Indiana Casino Workers Demand Workplace Safety
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Indiana Casino Workers Demand Workplace Safety

Indiana Casino Workers Demand Workplace Safety

Indiana gaming workers have held an online rally to call for better health and safety measures before casinos in the state reopen. 

Casino employees from across the state who attended the virtual event last Friday via Facebook asked for better health insurance and more cleaning.

Indiana Chapter President for UNITE HERE Local 23 Stuart Mora told the NWI Times, “Thousands of Indiana’s casino workers without affordable health care shouldn’t have to choose between paying bills and getting medical treatment in the midst of a global pandemic.”

“They dedicate their lives to welcoming and caring for Hoosiers year after year. Indiana’s gaming employers must step up and care for their workers.”

The union, which represents a myriad of casino workers including those at Blue Chip Casino in Michigan City and Ameristar East Chicago, noted the huge revenue operators raked in last year.

Penn National Gaming made $5.3 billion in 2019, while Caesars Southern Indiana, Majestic Star, Ameristar, and Indiana Grand casinos generated over $66 million in state gaming tax revenue during the first three months of 2020.

Now, UNITE HERE is calling for operators to use some of that money to make casinos safer for workers when lockdown measures are eased.

Majestic Star Casino bartender Tina Mack said, “The way my co-workers and my company have been helping each other out during this crisis — I’ve never been prouder to work here.

“I want to be proud of how the casinos reopen, too. I want to be able to tell my customers that Majestic Star is safe for them to come back.”

Indiana Governor Eric Holcomb has announced a five-step plan to have the state fully running by July 4, with casinos expected to reopen in the latter stages.

The Horseshoe Casino in Hammond, named one of the best road trips from Chicago, has already announced plans to reopen on June 14, while Tropicana Evansville and Ellis Park are developing reopening schedules. 

For now, gamblers are relying on online casinos to play their favorite games and slots.

The Casino Association of Indiana is reported to have shared a set of “minimum standards” for worker and guest safety with the Indiana Gaming Commission, but employees remain worried about how the ease in lockdown restrictions will affect their health.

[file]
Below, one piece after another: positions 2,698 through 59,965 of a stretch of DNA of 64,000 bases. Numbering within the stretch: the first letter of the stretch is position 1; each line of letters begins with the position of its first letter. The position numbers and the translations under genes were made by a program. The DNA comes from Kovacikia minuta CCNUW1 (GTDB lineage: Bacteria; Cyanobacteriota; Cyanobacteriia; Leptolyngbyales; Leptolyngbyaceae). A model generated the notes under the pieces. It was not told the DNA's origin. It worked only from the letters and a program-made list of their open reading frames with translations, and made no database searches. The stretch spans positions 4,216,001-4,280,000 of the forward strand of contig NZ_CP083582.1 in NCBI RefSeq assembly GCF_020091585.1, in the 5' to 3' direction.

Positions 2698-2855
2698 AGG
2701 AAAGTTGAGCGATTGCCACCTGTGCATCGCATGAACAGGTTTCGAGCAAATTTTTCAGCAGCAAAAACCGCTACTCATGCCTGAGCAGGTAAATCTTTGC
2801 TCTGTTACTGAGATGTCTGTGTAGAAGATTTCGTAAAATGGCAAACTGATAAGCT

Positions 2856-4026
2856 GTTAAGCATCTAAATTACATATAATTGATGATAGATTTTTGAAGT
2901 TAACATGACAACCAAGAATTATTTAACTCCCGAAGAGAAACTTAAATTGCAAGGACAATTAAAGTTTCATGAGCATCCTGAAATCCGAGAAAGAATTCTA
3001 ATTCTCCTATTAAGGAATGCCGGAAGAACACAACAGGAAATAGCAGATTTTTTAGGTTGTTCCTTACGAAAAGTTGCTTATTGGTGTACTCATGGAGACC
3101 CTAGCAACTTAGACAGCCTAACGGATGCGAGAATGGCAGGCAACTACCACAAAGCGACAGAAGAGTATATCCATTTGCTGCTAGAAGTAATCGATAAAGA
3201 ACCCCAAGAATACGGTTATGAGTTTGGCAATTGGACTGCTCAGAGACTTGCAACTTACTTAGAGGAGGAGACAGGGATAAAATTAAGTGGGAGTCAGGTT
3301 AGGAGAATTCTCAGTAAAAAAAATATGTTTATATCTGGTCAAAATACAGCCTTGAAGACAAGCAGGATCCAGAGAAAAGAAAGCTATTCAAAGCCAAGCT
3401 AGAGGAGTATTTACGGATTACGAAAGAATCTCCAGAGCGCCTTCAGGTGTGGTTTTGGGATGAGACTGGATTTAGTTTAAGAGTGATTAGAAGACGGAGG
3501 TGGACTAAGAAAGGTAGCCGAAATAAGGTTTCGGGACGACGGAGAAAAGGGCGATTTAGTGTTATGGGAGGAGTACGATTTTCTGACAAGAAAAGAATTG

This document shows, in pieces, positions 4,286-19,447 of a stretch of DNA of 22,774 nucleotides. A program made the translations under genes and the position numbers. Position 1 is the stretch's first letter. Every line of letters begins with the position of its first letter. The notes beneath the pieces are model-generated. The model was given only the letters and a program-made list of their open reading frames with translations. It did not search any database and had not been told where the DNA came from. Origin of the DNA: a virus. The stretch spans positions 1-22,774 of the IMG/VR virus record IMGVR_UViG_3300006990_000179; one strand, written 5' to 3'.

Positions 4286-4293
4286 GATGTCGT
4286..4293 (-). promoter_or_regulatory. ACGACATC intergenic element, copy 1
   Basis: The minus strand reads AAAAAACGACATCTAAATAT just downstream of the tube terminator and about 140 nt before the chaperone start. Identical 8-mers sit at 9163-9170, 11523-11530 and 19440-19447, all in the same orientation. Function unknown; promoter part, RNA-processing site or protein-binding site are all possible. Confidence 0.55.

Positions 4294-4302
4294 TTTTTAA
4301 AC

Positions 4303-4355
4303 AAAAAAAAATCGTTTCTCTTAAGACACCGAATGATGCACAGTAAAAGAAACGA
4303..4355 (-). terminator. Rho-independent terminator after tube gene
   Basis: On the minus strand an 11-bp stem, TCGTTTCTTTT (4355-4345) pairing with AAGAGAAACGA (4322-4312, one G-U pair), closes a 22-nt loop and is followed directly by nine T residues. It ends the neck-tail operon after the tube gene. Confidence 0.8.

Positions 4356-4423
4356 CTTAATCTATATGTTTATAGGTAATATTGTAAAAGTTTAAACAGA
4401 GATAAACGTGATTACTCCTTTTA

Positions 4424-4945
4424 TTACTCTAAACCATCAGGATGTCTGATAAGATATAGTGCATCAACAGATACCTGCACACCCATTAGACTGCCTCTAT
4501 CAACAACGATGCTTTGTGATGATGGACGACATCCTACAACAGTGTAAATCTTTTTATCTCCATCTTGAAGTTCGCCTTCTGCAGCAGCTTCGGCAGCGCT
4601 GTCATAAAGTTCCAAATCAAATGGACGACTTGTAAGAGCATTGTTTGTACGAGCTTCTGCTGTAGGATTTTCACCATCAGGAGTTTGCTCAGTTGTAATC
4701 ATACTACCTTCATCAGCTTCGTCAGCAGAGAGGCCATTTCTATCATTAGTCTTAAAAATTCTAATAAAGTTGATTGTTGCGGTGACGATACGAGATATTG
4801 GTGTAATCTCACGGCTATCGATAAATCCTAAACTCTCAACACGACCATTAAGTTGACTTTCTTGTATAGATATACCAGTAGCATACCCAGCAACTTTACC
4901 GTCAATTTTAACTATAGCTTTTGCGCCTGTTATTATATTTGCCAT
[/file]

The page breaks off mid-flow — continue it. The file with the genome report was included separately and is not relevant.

Table games have come as a large concern for many, with numerous customers and staff forced to handle chips and cards regularly.

Slot attendant at Caesars Southern Indiana Anjila Gaudet said, “I’m scared to go back to work because one of our co-workers on the property already died from COVID-19, and he was working with us right before the shutdown.”

“If we’re going to reopen, I want public health experts to be guiding us in what we should be doing.”

Indiana Grand bartender Terri Mitchell agreed: “I have COPD, diabetes, and fibromyalgia, which weakens my immune system. I already struggle to get the health care I need because my health insurance has a $2,800 deductible. I’m terrified that if this virus gets me, I won’t get to see my grandbabies grow up.”

The executive director of the state’s casino association Matt Bell told the Courier Press, “There will be things like hand sanitizer stations throughout the floor. It’s going to be important our team members and guests have an opportunity to wear masks.”

“We’ll set up our floors to accommodate social distancing, and that could look different casino to casino. Whether it’s occupying every other slot machine, or moving them to provide social distancing. We could do things like limit folks at a particular table game.” 

“We’ll have aggressive cleaning procedures, wiping down machines, tables, and rails, trying to minimize touchpoints.”

The state of Indiana has reported 22,503 confirmed cases of coronavirus and 1,295 deaths. 


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